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Last Stop Trash & Recycling

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The tour isn't complete without the last step in any cleaning effort - disposing of the empty packaging. Chances are, your trash pile is a lot smaller today than it used to be, thanks to waste reduction and recycling.

Waste Reduction:

A Two-tiered Effort

Waste reduction means cutting down on the amount of materials or energy used during the manufacture, distribution, purchase and use of a product. Waste reduction is an effort in which both manufacturers and consumers have important roles to play.

With the following product and package innovations, cleaning product manufacturers are cutting down on waste before it starts:

  • Concentrates: Sometimes known as "ultras," they deliver the same cleaning performance as traditional versions and use less product. They also reduce the amount of packaging materials used.
  • Refill containers: Use less packaging material than primary containers. They usually don't include convenience features like trigger sprayers or measuring caps, reducing packaging even more.
  • Recycled content: By using 25 - 100% recycled plastic in product bottles and 25% recycled steel in steel aerosol cans, cleaning product manufacturers are providing an important market for the containers that consumers are recycling.
  • Recyclable materials: Containers that can be recycled and made into other products.

As a consumer, you can also practice waste reduction by the actions you take when purchasing and using household cleaners.

  • Buy the right product for the job at hand.
  • Buy only what you can use.
  • Follow label directions: more is not necessarily better!
  • Reuse primary (original) containers in refill systems as many times as possible.
  • Use only the refill product intended for the container.
  • Use up the product, or give it to someone who will.

Product Disposal Guidelines

If you do have to dispose of a cleaning product:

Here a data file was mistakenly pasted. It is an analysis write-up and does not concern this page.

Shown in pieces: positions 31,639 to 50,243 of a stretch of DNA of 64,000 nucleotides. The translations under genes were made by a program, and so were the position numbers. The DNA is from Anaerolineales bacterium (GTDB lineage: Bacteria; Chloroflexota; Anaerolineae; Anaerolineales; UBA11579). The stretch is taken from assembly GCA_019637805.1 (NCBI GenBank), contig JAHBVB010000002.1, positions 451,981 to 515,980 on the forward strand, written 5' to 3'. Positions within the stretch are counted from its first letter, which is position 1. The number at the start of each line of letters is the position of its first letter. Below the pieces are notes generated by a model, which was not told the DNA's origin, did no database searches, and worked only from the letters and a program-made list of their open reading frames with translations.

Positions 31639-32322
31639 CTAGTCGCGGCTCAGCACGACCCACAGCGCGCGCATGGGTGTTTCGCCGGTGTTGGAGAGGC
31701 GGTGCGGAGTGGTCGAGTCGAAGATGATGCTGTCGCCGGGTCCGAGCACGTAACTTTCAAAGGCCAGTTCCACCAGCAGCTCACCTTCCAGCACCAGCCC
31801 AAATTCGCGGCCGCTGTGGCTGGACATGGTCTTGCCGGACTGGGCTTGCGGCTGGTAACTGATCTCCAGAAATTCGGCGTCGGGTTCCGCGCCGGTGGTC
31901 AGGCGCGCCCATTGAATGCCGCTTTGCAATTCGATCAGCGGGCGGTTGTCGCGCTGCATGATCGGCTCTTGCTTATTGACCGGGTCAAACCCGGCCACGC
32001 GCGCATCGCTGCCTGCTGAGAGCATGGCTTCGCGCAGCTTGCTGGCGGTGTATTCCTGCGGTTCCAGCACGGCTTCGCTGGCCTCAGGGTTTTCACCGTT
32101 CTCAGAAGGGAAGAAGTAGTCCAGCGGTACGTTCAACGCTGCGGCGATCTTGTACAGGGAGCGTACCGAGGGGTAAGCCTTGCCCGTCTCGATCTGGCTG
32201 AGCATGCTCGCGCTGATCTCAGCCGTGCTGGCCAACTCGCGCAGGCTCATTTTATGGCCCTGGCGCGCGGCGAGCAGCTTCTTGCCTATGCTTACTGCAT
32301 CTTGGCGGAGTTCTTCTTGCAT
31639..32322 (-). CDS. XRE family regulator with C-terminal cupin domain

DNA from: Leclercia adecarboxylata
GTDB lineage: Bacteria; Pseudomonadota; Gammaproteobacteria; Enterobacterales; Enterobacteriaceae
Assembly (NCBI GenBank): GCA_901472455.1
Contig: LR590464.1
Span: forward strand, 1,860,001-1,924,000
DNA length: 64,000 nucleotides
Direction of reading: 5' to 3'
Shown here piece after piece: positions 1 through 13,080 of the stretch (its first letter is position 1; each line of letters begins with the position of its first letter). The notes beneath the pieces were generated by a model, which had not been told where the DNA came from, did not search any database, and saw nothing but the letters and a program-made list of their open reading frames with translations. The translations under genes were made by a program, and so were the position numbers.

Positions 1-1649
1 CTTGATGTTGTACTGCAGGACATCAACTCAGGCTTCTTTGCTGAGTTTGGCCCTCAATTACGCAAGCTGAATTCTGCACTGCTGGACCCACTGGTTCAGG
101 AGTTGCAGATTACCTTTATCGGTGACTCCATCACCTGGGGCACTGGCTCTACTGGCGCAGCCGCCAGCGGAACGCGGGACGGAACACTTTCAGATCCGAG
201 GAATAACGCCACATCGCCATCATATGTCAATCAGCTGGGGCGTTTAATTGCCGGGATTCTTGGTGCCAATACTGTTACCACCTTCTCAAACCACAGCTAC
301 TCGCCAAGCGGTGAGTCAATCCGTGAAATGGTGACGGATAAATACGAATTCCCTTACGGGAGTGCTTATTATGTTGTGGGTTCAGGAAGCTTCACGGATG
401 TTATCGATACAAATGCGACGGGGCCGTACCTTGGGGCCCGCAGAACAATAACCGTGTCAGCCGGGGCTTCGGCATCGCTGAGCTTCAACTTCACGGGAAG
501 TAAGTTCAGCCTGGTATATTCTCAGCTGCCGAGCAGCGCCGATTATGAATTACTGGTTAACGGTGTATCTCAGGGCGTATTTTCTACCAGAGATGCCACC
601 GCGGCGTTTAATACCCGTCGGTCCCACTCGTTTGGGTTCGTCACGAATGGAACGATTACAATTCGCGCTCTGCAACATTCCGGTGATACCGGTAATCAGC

• Follow label directions, if provided.
  • If there are no directions, follow these guidelines:
    • When disposing of a product, think about how you use it. If it mixes with water, it's water-soluble. Water-soluble liquid and powder household cleaning products can be disposed down the drain with running water - just like when you use them.
    • For other products, such as oven cleaners, crystal drain openers and furniture polishes, call the manufacturer's toll-free number (or write to them) for disposal recommendations, or check with your local waste disposal facility.
  • Just as you shouldn't mix products when using them, be sure not to mix products when disposing of them.

These guidelines are provided by product manufacturers and are consistent with the way products are developed and tested for safe disposal. Some communities have regulations for handling wastes; check your local waste facility and follow their recommendations.

Product Package Recycling

It used to be an effort to remember to recycle. Now, it's not only a habit - in many areas it's the law. But somewhere along the line, it became easier than we ever thought it could be.

Today, different communities approach recycling in different ways. As a general rule of thumb, consult your local waste management facility to see what they accept. Here are the common types of household cleaning containers that can be recycled, if they are accepted in your community:

  • Plastic
  • Paperboard
  • Aerosol Cans

Be sure that the container is empty before recycling.